With real estate prices on the rise in most major metropolitan areas around the world, developers, architects, and designers are teaming up to think up new and interesting ways to promote increased density. The Double Duplex by Batay-Csorba Architects is one such project, investigating a more appropriate allocation of valuable land and making an emphatic architectural statement in the process.
It’s evident at first appearance that the Double Duplex’s ornate and unusual front facade that this isn’t any ordinary infill house project. Two mirrored screens composed of a pseudo honeycomb-like material that modulates light and presents an interesting urban interface that harkens back to the traditional bay and gable vernacular of Toronto’s Victorian ancestry.
The entries to the two units are pushed out to the far opposing end of each front facade, while the ground floors open to the street via a massive wall of uninterrupted glass facing a sunken front courtyard.
Between the units is a full-height vertical gap that provides necessary visual relief, and breaks down the scale of the project into easily digestible pieces. The facades are composed well, with elements of material ambiguity and translucency that seems appropriate for its urban setting.
The living space might seem narrow from the exterior, but the units hold true to traditional townhouse organization and never feel left wanting for usable space. Light floods in from the front, rear, and through a large skylight that penetrates all the way to the kitchen level. A few quirky modern design elements, like whitewashed exposed floor framing and a large graphic ‘X’ at either end of the kitchen island add a playfulness to the interior that rivals the front exterior facade.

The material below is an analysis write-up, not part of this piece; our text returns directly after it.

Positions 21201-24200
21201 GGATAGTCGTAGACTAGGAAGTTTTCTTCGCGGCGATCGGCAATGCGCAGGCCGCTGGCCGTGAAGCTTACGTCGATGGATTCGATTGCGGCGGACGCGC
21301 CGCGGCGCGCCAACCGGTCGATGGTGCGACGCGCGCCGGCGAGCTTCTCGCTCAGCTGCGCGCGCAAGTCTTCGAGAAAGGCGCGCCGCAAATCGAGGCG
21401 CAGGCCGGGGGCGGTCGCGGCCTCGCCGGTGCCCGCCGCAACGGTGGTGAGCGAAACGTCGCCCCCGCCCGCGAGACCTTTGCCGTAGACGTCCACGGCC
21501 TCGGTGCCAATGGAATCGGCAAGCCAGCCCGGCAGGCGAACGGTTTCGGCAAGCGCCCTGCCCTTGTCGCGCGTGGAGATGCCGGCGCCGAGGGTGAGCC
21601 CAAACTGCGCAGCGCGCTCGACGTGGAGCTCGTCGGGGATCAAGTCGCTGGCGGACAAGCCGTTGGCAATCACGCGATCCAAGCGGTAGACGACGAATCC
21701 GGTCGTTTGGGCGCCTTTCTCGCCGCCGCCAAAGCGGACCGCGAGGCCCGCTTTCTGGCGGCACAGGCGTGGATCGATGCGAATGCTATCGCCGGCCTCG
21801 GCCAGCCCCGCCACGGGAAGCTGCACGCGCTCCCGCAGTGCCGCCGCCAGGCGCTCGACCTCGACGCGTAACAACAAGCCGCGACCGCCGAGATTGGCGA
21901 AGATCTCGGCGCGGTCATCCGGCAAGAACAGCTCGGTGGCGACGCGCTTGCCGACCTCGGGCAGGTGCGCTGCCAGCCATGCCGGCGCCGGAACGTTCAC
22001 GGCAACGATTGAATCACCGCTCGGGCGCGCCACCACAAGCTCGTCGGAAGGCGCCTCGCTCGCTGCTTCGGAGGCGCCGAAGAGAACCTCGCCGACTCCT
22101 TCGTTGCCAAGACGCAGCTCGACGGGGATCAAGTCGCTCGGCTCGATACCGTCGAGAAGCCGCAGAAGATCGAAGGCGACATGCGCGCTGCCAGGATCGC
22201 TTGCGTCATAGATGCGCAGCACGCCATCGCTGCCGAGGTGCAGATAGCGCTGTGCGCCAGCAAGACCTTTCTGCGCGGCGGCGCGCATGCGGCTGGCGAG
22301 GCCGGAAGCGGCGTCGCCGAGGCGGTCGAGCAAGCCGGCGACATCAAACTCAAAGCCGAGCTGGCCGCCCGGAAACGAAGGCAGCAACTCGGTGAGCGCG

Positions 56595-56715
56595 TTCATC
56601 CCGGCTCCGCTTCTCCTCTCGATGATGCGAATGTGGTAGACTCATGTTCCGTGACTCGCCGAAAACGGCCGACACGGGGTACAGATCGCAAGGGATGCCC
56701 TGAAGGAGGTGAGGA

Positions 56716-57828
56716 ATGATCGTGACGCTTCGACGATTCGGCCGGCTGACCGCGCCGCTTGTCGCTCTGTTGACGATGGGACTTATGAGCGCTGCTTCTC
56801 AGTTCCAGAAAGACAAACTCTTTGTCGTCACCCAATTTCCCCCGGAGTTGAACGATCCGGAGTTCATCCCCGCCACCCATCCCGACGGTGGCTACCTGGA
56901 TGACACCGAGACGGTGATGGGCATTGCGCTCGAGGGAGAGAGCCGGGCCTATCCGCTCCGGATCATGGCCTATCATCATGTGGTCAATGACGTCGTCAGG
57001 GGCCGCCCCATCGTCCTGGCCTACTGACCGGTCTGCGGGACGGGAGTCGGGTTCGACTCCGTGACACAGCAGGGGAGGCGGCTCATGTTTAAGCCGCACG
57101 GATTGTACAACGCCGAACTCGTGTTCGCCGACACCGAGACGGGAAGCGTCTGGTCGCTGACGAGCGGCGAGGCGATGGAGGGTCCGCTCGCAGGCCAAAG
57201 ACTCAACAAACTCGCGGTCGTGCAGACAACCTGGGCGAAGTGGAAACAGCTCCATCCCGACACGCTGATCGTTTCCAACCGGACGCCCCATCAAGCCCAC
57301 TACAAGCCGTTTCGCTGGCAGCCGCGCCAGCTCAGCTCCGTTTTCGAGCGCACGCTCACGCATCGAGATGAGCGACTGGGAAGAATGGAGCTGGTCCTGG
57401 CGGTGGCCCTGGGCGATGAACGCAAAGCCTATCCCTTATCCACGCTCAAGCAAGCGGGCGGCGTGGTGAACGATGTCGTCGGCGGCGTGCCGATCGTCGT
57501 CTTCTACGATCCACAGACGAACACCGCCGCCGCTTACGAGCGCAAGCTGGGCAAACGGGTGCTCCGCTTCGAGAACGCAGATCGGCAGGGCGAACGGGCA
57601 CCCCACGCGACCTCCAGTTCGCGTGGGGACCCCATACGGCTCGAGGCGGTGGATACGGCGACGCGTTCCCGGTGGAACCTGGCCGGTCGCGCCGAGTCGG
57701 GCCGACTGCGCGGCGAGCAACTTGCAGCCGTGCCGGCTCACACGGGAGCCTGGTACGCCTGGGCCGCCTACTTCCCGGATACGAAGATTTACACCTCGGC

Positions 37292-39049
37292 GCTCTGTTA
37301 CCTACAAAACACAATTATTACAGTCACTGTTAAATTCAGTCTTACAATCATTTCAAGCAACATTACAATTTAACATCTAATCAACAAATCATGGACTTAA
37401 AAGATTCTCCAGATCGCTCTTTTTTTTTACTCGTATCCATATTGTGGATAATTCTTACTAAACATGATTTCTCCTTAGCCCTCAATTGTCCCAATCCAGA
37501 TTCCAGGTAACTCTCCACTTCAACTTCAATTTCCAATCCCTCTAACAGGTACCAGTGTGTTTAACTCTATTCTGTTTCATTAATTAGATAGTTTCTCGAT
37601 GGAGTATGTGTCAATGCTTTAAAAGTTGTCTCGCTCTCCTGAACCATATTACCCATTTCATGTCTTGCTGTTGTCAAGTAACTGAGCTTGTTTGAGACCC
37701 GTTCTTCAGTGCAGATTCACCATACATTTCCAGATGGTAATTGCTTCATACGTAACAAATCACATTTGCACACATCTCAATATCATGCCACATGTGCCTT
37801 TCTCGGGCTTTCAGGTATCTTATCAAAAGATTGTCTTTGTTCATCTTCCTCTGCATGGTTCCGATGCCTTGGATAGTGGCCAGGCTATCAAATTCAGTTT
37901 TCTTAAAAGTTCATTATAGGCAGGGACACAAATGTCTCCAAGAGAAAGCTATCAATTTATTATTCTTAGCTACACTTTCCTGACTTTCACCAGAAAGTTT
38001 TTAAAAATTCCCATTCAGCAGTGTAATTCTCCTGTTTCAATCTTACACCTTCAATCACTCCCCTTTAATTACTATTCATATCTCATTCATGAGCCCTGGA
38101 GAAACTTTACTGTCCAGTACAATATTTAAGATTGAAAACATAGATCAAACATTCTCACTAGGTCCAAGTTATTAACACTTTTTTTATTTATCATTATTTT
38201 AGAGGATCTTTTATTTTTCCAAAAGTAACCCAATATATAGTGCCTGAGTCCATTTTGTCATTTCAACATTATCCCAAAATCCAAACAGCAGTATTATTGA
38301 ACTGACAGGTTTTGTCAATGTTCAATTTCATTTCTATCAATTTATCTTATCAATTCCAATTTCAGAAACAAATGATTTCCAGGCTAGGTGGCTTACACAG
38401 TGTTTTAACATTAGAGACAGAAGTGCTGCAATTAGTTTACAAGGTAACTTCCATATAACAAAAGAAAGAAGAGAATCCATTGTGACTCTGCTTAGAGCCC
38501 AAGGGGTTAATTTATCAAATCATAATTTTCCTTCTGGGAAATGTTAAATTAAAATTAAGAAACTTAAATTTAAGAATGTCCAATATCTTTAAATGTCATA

The Double Duplex offers a pressing look into the future of residential neighborhoods in large cities. While perhaps not as dense as say an apartment building, it makes important use of land that is becoming increasingly scarce, especially considering the rate at which people are moving into cities. It’s fun, interesting, and gives other designers something to strive for when making our cities more livable.
Architects: Batay-Csorba Architects
Photography: Doublespace Photography